But then my dad showed up, looked over my things, and made absolutely no comment about the glaring possibility that they would not fit and a Disaster would occur. We carried the stuff down the stairs quickly and easily because I’d packed it into many small boxes rather than fewer large ones. It fit into the car easily, without anything fragile being squished, and with space to spare. I was sort of dumbfounded.

Then during the drive my dad mentioned to a few people on the phone that I’d packed very well and everything had been easy, and I realized an embarrassing truth: I had been hoping that the things wouldn’t fit and there would be fights and it would be a Disaster.

After all, it would delay the inevitable moment when I’d have to leave.

Mile 247

This is the hardest thing I’ve ever done in my life. Harder than any academic program, harder than hiking the Negev in August, harder than band camp in 95-degree heat, harder than applying to college or grad school, harder than any breakup, harder than getting into (and staying in) treatment for depression. This is the hardest thing I’ve ever done in my life. There will be harder things in the future, but for now this is it.

Mile 293

Last night at some point I went on a bit of a rant about sexual assault and victim-blaming, because it’s been on my mind lately since I’m completely terrified of going anywhere alone in New York after 11 PM.

As I tried to explain to someone who has never had to worry about it: imagine going through the WORST thing that could ever happen to you, and imagine knowing that no matter how it happened–no matter HOW–people you love, people with legal and social authority, people with power would blame you for it. The first words out of their mouths would be to blame you. No matter how it happened. You could be sitting on your fucking couch in your ratty sweatpants, eating popcorn, when it happened, and they would tell you that maybe you were sitting too attractively.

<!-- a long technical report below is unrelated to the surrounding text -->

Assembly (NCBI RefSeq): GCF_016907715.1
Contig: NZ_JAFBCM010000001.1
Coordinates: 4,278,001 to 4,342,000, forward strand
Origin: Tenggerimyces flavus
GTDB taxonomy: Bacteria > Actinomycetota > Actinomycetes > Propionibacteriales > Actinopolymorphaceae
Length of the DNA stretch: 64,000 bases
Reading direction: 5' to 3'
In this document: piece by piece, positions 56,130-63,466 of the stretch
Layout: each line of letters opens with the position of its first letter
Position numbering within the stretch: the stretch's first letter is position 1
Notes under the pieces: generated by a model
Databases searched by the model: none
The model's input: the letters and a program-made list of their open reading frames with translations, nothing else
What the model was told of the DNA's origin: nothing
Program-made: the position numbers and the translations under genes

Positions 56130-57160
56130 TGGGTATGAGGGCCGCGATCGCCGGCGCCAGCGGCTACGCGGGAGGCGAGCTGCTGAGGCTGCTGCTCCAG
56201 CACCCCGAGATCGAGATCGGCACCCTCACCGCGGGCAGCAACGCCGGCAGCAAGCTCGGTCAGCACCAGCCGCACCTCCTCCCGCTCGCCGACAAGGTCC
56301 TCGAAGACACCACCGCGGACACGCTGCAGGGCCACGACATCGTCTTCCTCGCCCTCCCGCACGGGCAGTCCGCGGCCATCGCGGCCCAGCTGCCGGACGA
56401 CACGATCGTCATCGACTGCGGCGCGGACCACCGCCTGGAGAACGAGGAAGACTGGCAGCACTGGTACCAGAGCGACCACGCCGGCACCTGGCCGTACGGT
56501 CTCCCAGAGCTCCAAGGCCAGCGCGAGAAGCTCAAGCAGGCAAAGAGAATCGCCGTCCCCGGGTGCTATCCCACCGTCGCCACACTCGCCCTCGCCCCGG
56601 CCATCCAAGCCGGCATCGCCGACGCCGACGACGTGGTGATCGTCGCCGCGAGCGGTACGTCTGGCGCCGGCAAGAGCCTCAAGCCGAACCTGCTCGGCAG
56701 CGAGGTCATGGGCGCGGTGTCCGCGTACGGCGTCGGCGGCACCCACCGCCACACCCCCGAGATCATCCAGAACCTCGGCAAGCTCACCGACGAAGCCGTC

That, to me, is worse than the sexual assault itself. Much worse. I can probably deal with physical pain and trauma, but the social isolation that will follow is a different beast.

That, to me, is why it doesn’t actually matter that New York is totally safe these days and come on stop acting like it’s such a terrible place when it’s totally not anymore. (I know that. I love it, after all.)

If I get raped or mugged in New York, people I care about will ask me why I was out alone in New York. Full stop. If I get raped or mugged in New York, my options are 1) hide this from people I care about, including lying about any injuries that result, or 2) get blamed.

That many people find it acceptable that half of the world’s population is terrorized and trapped indoors at night by the threat of gendered violence is a testament to the dismaying power of cognitive biases to create and perpetuate oppression.

Mile 423

The Midwestern farmlands have gradually turned into nearly-unbroken deciduous forests and lazily rolling hills. The sun is setting. I’ve just eaten chicken nuggets with barbecue sauce, which I generally end up eating at some point on just about every road trip.

I mentioned once before that the first time I went to New York City on my own, it was for a stupid reason. I’ll elaborate: it was for a guy. The same one I could barely make myself stop hugging back in Chicago this morning. (Was it really just this morning?)

That was the reason I went, but it wasn’t the reason I stayed. New York eventually helped me rediscover the person I used to be, before depression and before I started clinging desperately onto people in an attempt to avoid the misery I felt. I used to love being alone. I used to take long walks and write for hours rather than in short bursts. I used to treasure my own company. I used to need no one else to have fun.